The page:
If you are experiencing jaw tightness or pain, and you think you might be grinding your teeth, your provider can fit you with a mouthguard that will protect your teeth while you sleep.

It can be difficult to share your habits with your dentist. At Douglas B. Weber, DDS, we treat our patients with respect and compassion. We are here to help you be your healthiest self. If you use e-cigarettes and are concerned about how they may be affecting your oral health, call us today and set up a consultation. We will help you protect your teeth and maintain your natural smile.


Oral Piercings & Your Dental Health

Oral Piercings and Your Dental Health

A Healthy Smile Is Your Best Accessory

Body piercings have become increasingly prevalent over the past decade, and with more and more celebrities like Victoria Beckham, Tyrese, and Christina Aguilera sporting them, they are only gaining popularity among people of all ages. While piercings offer people the opportunity to express their individuality and add some extra bling to their personal style, some of the most popular piercings are located in the mouth area, which can lead to the rapid deterioration of oral health.

Popular face and mouth piercings include those in the tongue, lip, and cheek areas. The following are just some of the health risks and side effects associated with these piercings.

  • Infection: Your mouth is home to a large number of bacteria that breed in moist environments. This is the perfect environment for an infection to occur. When an infection occurs in your mouth, it can become life threatening if not treated immediately.
  • Excessive bleeding: On occasion a blood vessel gets punctured during the piercing process and results in prolonged bleeding. If not dealt with properly, severe blood loss can cause complications.
  • Damaged gums and teeth: People with mouth piercings often develop the habit of playing with them, which may include biting and twirling them around the mouth. This can lead to scratched, cracked, and broken teeth and fillings. It can also damage the gum line.
  • Allergic reactions: Sometimes people may unknowingly be hypersensitive to metals and can experience an allergic reaction.
  • Nerve damage: Numbness at the site of the piercing is common. However, in some cases it remains a permanent condition due to nerve damage.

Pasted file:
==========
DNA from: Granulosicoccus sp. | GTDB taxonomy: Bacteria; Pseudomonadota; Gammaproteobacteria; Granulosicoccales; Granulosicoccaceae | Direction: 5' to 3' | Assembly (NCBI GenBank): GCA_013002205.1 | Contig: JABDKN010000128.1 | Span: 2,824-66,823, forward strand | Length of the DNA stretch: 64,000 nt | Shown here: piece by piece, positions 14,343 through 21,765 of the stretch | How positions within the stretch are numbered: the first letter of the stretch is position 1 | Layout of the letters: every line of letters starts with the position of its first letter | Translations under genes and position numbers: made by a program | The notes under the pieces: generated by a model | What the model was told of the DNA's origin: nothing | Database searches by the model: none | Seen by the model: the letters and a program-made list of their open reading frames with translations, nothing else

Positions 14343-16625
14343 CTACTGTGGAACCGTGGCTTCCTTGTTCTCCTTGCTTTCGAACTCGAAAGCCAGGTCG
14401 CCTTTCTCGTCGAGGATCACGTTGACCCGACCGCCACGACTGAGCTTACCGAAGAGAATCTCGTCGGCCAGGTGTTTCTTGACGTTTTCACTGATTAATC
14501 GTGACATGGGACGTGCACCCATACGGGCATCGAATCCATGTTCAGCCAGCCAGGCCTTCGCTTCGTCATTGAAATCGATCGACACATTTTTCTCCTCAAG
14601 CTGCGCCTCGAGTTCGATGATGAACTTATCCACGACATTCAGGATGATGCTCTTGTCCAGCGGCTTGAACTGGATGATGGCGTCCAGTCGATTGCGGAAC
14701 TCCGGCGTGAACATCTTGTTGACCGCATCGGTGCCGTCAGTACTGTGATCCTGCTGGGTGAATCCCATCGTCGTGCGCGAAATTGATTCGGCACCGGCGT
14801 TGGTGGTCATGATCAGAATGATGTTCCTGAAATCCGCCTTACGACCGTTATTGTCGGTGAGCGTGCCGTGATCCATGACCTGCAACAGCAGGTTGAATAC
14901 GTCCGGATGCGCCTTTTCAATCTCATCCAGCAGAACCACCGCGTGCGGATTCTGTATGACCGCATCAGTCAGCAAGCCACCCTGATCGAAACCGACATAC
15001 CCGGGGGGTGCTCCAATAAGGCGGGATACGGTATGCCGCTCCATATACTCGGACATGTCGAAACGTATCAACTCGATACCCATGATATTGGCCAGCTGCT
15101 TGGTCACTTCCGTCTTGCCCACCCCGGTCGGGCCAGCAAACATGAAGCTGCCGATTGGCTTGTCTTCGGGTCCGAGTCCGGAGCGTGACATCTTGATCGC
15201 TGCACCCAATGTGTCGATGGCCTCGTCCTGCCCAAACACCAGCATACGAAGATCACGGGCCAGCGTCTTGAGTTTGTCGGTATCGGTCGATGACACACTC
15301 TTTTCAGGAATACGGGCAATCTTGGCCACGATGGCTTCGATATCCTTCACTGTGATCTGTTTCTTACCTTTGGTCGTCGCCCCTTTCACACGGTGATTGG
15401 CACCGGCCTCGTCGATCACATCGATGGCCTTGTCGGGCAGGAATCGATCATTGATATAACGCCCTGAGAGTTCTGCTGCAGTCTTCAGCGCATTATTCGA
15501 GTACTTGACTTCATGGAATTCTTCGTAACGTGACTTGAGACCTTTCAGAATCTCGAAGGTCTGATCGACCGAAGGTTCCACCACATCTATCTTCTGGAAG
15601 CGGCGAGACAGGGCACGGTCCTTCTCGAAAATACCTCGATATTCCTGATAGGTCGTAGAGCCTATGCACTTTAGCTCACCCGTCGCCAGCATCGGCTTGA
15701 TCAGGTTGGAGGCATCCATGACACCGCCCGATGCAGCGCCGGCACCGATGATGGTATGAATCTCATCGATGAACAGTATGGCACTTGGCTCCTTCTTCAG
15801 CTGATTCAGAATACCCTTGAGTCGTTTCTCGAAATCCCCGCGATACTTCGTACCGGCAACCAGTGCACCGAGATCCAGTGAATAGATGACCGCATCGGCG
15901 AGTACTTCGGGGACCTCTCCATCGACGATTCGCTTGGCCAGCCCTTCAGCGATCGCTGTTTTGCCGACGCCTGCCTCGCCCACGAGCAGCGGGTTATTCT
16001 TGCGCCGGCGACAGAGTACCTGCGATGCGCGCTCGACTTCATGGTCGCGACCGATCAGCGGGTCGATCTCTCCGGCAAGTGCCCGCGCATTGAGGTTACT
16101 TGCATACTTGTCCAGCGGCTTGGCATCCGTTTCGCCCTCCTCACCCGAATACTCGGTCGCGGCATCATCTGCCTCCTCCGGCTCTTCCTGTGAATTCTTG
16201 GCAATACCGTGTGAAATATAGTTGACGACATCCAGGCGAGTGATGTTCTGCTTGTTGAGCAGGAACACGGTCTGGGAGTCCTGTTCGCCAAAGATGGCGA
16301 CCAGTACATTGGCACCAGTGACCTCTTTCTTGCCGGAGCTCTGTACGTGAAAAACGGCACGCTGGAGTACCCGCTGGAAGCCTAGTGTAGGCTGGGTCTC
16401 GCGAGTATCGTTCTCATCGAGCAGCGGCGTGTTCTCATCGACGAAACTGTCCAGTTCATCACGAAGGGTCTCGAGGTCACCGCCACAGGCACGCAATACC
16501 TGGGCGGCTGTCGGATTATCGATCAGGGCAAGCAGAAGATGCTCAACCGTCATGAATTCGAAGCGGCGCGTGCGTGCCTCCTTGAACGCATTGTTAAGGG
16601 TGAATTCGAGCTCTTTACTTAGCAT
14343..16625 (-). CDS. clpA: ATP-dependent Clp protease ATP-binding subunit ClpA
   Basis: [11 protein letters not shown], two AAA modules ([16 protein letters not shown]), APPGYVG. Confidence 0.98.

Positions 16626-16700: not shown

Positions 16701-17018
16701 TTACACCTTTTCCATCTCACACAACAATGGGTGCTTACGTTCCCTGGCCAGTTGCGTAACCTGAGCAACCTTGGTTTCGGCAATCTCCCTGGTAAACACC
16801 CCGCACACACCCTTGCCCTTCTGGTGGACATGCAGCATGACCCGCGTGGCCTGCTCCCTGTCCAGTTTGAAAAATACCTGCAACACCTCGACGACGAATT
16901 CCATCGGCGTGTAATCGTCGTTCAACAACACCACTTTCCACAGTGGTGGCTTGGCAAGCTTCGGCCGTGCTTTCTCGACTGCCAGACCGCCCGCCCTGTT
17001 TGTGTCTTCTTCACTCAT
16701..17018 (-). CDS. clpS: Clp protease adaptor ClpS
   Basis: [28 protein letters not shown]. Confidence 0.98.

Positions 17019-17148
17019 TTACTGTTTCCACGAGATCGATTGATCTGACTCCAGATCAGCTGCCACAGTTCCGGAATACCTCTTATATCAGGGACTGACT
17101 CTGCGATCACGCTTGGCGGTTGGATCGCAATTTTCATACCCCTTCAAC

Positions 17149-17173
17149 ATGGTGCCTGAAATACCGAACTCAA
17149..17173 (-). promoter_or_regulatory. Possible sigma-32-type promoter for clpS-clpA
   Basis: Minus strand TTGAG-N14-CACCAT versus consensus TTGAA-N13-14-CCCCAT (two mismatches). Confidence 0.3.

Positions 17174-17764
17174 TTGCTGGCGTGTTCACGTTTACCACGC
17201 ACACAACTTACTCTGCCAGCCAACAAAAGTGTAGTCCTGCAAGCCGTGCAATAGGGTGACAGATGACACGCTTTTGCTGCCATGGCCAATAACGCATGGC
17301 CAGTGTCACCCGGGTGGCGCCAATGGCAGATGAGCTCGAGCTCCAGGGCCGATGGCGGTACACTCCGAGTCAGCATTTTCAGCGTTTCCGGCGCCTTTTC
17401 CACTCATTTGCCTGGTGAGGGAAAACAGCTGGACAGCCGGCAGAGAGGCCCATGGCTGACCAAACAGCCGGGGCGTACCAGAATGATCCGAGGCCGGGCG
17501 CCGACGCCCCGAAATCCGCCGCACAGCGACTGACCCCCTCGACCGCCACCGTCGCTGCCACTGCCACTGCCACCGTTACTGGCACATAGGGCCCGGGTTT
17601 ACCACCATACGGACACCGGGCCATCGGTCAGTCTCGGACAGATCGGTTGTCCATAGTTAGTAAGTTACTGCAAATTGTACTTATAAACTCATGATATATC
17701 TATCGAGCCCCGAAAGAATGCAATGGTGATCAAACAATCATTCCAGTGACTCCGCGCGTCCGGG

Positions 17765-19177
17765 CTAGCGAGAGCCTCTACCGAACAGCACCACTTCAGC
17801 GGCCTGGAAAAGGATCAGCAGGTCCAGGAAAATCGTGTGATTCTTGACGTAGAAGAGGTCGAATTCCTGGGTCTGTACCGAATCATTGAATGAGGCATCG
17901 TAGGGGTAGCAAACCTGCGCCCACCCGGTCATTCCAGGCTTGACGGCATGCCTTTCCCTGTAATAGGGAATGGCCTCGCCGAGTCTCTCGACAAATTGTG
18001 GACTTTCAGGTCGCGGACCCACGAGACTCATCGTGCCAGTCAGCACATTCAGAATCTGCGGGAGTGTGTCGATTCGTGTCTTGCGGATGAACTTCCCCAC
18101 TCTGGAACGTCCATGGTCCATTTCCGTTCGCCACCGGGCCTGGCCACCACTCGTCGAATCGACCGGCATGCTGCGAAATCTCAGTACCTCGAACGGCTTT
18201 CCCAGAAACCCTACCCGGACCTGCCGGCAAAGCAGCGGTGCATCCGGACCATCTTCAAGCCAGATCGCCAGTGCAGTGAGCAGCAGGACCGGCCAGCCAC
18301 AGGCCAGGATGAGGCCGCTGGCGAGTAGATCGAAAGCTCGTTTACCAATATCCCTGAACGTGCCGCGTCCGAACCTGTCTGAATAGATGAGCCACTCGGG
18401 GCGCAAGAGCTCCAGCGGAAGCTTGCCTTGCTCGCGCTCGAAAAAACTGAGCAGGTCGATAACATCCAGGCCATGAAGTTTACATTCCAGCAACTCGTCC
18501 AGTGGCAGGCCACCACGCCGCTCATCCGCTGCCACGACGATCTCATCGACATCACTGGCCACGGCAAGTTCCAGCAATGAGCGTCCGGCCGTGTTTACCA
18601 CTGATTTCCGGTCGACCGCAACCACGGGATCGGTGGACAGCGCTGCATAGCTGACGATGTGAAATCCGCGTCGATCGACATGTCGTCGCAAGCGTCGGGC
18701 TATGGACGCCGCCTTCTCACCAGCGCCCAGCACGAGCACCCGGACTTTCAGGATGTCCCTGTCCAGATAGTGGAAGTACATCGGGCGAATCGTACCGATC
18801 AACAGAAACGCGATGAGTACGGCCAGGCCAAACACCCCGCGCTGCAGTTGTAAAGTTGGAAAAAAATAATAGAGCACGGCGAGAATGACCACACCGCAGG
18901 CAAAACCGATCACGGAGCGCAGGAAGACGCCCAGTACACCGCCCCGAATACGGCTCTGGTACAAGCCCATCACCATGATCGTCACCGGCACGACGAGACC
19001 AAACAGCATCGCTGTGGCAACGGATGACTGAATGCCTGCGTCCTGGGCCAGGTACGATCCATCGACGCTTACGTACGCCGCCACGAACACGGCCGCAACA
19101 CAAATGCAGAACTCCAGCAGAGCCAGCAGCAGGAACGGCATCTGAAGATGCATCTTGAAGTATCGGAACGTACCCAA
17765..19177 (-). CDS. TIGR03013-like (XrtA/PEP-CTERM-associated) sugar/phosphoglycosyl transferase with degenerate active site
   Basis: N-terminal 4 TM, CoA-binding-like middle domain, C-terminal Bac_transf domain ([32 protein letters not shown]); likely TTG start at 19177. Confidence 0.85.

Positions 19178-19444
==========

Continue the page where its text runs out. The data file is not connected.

• Excessive saliva: Heavy salivation can result from wearing jewelry in your mouth. This can cause complications with your ability to chew and swallow correctly. It can also interfere with the pronunciation of words.

If you do decide to get a face or mouth piercing, or if your child or adolescent has one, be prepared for four to six weeks of healing time. The following are some tips that will help you maintain your oral health should you decide to keep or get a mouth piercing:

  1. Make sure to keep the piercing site clean after you eat. Clear away any food particles by using mouthwash after each meal.
  2. Remove all jewelry when participating in sports, and ask the dentist about getting a mouthguard for protection.
  3. If you notice that you are developing habits that include biting or clicking your piercing against your teeth, stop immediately or consider removing the jewelry.
  4. If you think you may have an infection or might be developing an allergic reaction to the metal in your mouth jewelry, remove it immediately and call your doctor.

Choosing to get a facial or oral piercing is an aesthetic decision that impacts your oral and whole health. Your at-home oral hygiene routine will be more important than ever should you choose to get one, as will your routine visits to the dentist and your dental cleanings. Make sure to let our provider know if you have an oral or mouth piercing so that he can help create a dental plan that will protect and maintain your best oral health.

To find out more about mouth piercings, your oral health, and how we can help protect your teeth and gums, give your Lancaster dentist a call at (661) 952-7865 today.